Comments Off on Heavenly Voices Parts 1 – 3 – Various Artists [#578-580]

Greatest No.1 Singles – Various Artists [#559]

41SXZJ8MHCLWhether it’s Garth and Wayne singing Bohemian Rhapsody in a car, Robert de Niro in Jackie Brown rocking away to a strip tease to the Supreme’s Baby Love or fish faced Julia Roberts poncing down a New York high street to Roy Orbison’s Pretty Woman, this compilation has a selection of songs that everyone born in the last 50 years should be familiar with somehow or other.

Originally this was a two volume compilation (still available on Amazon)but over time volume 1 has been lost. Probably for the best as the “greatest” singles on the second volume were all a little too contemporaneous compared to those presented on volume 1. There was a spate of similar compilations after the millennium, Greatest This, Greatest That and who could forget the Absolute All Time Best of Super-dooper Mega Party Funtime Hoo-Har Music Ever Volume 3, all vying for the  hard earned cash of the gullible.  Of course, as with all compilations, there are some tracks I feel shouldn’t be there, and others that are conspicuous by their absence. Never the less, Greatest No.1 Singles is a nice “leave it on in the background while you do the cleaning” album.

 

 

Comments Off on Greatest No.1 Singles – Various Artists [#559]

Great British Psychedelic Trip (Vols 1-3) – Various Artists [#548]

Screen Shot 2016-04-17 at 11.39.20A compilation of psychedelic music covering 1966 to 1970.

This is a relatively new addition to my music library and as a result I’m yet to form a reliable opinion on the songs therein. However, during the cursory listen given for the purpose of this entry I can reveal there are some very strange additions. It’s no wonder that some of the over 60s are so weird.

Songs with titles such as Baked Jam Roll in Your Eye by Timebox, Vacuum Cleaner by Tintern Abbey and In My Magic Garden by Tinkerbell’s Fairydust and bands with far out names like Virgin Sleep and The Crocheted Doughnut Ring all come together for a four hour trip through the weirder parts of the genre. Its easy to see how many of these bands influenced each other and how even the lesser known bands had some influence on those who would become superstars.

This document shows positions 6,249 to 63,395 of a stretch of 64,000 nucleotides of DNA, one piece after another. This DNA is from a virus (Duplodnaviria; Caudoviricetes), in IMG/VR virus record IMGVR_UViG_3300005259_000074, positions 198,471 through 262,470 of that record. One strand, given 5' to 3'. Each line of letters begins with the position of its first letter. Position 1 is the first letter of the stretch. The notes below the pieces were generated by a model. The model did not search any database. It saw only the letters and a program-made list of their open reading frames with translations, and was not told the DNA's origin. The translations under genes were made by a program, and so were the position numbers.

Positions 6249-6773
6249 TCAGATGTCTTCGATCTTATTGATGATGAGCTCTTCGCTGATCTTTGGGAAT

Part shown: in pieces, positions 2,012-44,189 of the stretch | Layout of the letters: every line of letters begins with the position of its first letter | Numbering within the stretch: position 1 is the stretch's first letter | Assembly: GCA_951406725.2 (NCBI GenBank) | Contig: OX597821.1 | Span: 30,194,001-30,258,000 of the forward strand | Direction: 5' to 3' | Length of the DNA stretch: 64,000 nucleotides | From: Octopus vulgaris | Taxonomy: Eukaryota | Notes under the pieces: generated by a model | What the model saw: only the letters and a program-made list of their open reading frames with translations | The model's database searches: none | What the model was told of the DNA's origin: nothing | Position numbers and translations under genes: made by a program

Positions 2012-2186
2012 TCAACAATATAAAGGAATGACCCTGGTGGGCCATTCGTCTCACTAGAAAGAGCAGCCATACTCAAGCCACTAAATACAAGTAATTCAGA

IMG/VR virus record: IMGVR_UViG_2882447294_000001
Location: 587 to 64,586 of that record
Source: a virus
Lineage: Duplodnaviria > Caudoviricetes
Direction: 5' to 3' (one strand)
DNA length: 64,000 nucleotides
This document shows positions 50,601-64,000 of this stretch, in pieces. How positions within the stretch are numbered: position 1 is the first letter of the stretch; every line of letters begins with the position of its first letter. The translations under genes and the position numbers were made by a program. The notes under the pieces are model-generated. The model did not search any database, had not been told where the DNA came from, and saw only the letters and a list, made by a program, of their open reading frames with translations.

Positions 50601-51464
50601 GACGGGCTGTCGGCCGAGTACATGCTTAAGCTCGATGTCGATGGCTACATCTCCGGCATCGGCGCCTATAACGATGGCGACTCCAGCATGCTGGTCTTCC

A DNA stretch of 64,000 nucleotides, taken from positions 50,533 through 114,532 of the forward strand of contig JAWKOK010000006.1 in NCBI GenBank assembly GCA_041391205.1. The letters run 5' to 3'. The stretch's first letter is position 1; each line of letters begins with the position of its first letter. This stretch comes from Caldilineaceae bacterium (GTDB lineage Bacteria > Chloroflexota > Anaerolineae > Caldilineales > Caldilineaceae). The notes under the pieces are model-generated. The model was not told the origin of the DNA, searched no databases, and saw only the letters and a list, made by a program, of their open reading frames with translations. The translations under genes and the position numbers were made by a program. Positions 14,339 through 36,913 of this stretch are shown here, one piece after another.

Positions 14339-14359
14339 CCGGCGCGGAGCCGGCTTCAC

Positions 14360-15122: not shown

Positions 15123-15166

What else is interesting is how the bands all seem to have formed from various liasions and chance meetings. Like with the prog and Canterbury scenes, band members would swap bands, ideas, songs and even drugs. Some would go on to do great things, others would end their days in a bar in Liverpool bemoaning the fact that they “could have been famous man”. As an observer, I often think about how modern manufactured bands don’t seem to be interchangable. Ok you sometimes get “projects” and “collaborations” but you don’t see the likes of say,  some guy out of 1D joining up with someone out of Steps and someone out of Back Street Boys to form a mega supergroup.

I blame home taping.

 

Comments Off on Great British Psychedelic Trip (Vols 1-3) – Various Artists [#548]

Grand Theft Auto (Original Soundtrack) [#546] & Grand Theft Auto: London (Original Soundtrack) [#547]

Possibly one of the best, well thought out and inventive game franchises began back in the late nineties with the release of Grand Theft Auto a game noted, not just for it’s violence and adult themes, for its soundtrack.

I spent many late evenings playing the game driving round the fictional cities of San Andreas, Liberty and Vice Cities, with the soundtrack blaring out to the annoyance of any neighbours. I even popped the CD from my Playstation into my CD player and ripped the soundtrack to cassette to listen to while on the bus or on foot. A cassette that joined me later in my car. A cassette I regret making because, as we all know, home taping killed music (and computer games).